That’s when the thoughts came, like a tornado. Every single thought I had stuffed away for the last 15 years rolled out, creating a blistering storm in my brain. I swear, I fell to the ground. Lay my head on the cold hardwood floor and begged those thoughts to leave me alone, but they wouldn’t. They grew stronger, and they morphed: into feelings, into memories. Light blues and deep reds poured under my eyelids and shook me. Fear made me want to bolt. Shame and guilt pinned me there. I lay on the ground for hours. I thought this is never going to end.
It didn’t end, but it momentarily subsided. I sat on the couch with myself, eyes darting back and forth.
Who are you?
But it was clear that neither “me,” nor the me that was observing myself, knew the answer to that. I sat on that couch for a very long time trying to figure it out. I lit a candle, the first of many. Such a simple gesture, but in the before, lighting a candle was a luxury I never afforded myself.
Okay, so it was clear I didn’t know myself. I spent a few weeks in panic; even drove across the country once, the thoughts haunting me. I tried to leave them in different states, but they were travelers too. My dreams got so vivid. Every part of me demanded to be heard, to be felt, to be seen. I spent weeks listening. Listening to my thoughts and feelings was a full-time job. I got migraines, but I also felt relieved.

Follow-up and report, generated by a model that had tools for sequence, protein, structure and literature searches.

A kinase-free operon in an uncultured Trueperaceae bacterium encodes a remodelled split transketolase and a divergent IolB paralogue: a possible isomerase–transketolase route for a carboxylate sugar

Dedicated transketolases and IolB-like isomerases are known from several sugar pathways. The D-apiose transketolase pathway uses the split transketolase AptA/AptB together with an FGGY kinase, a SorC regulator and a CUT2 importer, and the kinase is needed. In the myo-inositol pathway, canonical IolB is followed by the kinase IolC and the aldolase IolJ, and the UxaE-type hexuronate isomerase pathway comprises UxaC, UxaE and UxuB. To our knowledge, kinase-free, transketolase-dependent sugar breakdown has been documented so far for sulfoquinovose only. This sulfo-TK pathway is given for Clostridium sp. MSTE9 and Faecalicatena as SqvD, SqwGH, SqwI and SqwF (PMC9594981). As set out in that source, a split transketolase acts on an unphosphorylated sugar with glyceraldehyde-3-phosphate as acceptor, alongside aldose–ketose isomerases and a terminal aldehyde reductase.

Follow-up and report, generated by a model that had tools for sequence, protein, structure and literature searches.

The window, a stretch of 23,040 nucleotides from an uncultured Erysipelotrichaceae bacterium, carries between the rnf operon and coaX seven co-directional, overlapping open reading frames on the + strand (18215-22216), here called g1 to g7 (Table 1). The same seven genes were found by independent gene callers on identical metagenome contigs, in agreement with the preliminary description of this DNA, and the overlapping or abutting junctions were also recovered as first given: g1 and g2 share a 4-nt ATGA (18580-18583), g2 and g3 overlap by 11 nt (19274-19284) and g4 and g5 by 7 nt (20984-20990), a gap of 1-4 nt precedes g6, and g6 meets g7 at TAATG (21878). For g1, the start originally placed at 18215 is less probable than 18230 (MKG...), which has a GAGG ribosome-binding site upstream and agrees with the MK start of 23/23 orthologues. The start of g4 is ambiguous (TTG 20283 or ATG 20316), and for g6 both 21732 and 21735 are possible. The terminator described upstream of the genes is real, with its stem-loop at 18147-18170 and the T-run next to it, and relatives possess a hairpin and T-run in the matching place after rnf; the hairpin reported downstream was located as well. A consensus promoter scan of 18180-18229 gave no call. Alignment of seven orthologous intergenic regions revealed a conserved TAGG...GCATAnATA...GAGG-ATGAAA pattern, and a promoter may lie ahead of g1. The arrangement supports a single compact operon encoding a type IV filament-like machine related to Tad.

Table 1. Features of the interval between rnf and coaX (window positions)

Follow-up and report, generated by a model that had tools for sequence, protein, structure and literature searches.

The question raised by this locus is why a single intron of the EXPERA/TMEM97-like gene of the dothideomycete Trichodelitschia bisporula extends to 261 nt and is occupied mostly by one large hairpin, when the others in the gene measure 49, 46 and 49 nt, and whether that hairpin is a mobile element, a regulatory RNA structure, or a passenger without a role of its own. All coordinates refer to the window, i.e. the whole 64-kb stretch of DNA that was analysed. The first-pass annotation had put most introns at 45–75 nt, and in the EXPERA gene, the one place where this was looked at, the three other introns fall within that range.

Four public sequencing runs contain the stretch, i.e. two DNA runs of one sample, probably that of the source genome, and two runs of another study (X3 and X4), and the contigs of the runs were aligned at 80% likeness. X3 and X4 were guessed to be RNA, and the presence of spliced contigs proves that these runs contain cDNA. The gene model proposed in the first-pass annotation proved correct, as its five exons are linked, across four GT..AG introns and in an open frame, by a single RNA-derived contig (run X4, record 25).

As I began to spend this mandatory time alone, allowing myself to think and feel, another glaring issue emerged: I had no idea what I liked. I didn’t know how to take pleasure outside of time spent with others. I did not know how to enjoy or make myself feel seen. Back in my apartment, we sat on that Wayfair couch, confused. What do people do with themselves?
I went for a walk. I had always liked walks. And so it started with the trees in autumn.
I had never noticed them before.
The bright colors! Red, yellow, and orange just everywhere. I hadn’t seen anything like it.